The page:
Healthcare experts

Donald Trump ran on the idea of abolishing the Affordable Car Act, more commonly called “Obamacare.”  He, Speaker of the House Paul Ryan, and a group of conservative legislators in Congress think they know what is best for Americans as it pertains to our health care options.  They, it must be noted, have their own “Cadillac plans” to cover both themselves and their families should a medical need arise.

The American Hospital Association, the American Medical Association, the American Academy of Family Physicians, the American Academy of Pediatrics, the American College of Physicians, the American Congress of Obstetricians and Gynecologists, the American Osteopathic Association, the American Psychiatric Association, the American Cancer society Cancer Action Network, the American Heart Association, the American Diabetes Association, the American Lung Association, the March of Dimes, and the American Medical Association have all gone on record opposing the dismantling of the Affordable Care Act. They would support working to improve the ACA rather than doing away with it altogether. Sister Carol Keehan, president and CEO of the Catholic Health Association, which represents more than 600 hospitals across the country said what the great majority of Americans clearly want. “We need to be constantly pushing to get folks to do a bipartisan fix of the ACA.  We have to keep blocking and tackling until we get there.”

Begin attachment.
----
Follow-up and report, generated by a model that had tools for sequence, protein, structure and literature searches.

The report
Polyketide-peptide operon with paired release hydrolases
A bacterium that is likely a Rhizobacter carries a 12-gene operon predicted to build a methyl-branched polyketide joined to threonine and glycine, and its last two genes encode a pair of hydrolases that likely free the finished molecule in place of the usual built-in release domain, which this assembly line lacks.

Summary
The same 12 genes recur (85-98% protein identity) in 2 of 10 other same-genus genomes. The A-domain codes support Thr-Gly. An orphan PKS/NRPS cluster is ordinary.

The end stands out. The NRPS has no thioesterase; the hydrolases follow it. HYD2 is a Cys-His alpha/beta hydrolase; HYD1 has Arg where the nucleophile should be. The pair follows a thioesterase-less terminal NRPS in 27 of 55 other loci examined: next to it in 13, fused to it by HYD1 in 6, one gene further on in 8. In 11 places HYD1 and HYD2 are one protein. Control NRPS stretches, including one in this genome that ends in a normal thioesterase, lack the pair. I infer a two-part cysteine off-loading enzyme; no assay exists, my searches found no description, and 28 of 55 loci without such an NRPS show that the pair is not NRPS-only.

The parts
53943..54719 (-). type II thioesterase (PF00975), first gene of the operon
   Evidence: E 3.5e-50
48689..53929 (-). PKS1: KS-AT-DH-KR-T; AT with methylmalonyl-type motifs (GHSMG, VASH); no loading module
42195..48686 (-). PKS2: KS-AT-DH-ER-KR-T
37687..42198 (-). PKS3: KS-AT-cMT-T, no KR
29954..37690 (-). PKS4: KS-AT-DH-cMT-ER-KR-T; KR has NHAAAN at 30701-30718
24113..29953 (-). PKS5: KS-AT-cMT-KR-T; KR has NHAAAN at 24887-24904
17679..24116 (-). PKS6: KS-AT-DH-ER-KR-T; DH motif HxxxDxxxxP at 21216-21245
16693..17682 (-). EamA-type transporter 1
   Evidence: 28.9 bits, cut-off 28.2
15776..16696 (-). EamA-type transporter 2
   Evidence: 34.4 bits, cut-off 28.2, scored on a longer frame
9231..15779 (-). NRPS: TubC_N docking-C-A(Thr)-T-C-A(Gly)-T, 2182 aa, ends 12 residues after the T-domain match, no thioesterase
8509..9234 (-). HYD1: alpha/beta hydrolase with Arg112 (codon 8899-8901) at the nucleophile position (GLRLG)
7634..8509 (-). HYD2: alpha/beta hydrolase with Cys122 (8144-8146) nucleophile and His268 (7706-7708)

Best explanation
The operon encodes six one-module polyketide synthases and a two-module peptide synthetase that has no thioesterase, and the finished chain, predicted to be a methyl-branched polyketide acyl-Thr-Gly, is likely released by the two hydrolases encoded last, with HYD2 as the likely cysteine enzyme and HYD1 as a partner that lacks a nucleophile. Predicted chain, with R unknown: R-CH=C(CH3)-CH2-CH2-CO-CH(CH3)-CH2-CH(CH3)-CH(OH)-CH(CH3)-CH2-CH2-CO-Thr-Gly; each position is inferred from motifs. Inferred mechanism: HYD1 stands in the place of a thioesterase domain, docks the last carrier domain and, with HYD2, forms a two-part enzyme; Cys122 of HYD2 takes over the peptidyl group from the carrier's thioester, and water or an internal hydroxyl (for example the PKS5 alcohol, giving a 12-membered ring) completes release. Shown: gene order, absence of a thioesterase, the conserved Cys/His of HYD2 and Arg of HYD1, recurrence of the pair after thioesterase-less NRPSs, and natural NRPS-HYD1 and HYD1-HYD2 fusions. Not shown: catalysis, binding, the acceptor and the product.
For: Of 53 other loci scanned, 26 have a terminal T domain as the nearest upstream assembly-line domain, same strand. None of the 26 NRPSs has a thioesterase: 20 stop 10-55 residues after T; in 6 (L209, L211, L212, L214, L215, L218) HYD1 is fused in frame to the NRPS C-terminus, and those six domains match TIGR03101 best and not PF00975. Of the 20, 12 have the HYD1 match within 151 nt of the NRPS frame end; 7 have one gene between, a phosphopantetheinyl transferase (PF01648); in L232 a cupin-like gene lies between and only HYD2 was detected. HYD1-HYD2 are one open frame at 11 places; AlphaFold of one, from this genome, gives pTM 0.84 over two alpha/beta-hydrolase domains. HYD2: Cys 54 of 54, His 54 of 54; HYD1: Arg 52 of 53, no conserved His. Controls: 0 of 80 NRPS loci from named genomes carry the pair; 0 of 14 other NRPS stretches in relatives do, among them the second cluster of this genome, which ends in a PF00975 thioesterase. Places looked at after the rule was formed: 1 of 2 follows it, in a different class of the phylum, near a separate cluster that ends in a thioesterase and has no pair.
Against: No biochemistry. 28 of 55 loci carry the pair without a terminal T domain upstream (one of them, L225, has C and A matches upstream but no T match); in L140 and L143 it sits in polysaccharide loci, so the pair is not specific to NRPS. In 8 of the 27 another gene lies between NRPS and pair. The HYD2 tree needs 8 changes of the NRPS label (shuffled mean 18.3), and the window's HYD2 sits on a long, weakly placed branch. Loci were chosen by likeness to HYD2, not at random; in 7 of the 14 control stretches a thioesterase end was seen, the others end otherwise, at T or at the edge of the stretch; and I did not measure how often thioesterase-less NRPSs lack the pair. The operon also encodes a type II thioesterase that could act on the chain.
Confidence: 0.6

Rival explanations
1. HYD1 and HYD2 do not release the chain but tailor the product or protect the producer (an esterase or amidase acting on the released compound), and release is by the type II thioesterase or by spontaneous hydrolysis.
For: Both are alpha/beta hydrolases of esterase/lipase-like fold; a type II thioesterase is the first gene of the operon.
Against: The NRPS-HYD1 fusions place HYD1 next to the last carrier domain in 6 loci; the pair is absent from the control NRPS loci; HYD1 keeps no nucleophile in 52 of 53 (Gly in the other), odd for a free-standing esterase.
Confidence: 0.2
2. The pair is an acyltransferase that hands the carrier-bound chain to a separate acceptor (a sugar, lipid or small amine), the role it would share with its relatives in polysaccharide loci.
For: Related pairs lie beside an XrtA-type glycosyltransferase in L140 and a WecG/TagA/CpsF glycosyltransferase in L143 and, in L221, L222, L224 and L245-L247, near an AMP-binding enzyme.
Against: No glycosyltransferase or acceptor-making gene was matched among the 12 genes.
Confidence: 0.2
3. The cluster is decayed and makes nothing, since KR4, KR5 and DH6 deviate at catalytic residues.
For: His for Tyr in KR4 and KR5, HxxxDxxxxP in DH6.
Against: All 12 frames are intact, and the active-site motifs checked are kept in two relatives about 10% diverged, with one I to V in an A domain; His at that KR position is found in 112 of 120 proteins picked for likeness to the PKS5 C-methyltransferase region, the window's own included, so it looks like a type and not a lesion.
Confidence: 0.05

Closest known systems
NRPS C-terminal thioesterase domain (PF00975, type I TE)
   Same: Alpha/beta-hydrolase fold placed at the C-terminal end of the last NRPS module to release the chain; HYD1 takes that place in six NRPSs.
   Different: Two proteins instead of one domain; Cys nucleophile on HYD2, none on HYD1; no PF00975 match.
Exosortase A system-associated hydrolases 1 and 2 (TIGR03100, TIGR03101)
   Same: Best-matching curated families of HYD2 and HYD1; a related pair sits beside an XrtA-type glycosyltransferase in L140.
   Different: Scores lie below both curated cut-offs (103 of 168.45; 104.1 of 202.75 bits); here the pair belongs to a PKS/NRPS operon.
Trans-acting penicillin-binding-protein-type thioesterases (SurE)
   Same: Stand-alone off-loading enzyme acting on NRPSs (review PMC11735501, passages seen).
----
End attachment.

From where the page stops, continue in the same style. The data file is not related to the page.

So who should we put our faith in to solve the American health care dilemma?  We’ve got two groups claiming to be “experts” on the health care issue. The answer should be obvious.

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2 thoughts on “Healthcare experts

  1. Yes. Its easy to repeal. Harder to find a fix. I would like to see solutions and fixes to ACA from all the people who want to keep it yet know in its current form it isn’t working for everyone. Railing against Trump is as easy as the Republicans railing against ACA in the first, second, third ….. place.

    • Obviously, there are lobby groups working to influence Congress to make changes in the current health care plan. One would think that a panel of doctors and insurance representatives could hammer out positive changes. From what I’ve read, states that set up the exchanges coupled with the Medicaid supplement have fared pretty well. It’s the states that declined to participate in the ACA that have the lowest coverage for their citizens as well as fewer options. The bottom line seems to be whether health care is a basic right or it’s not.

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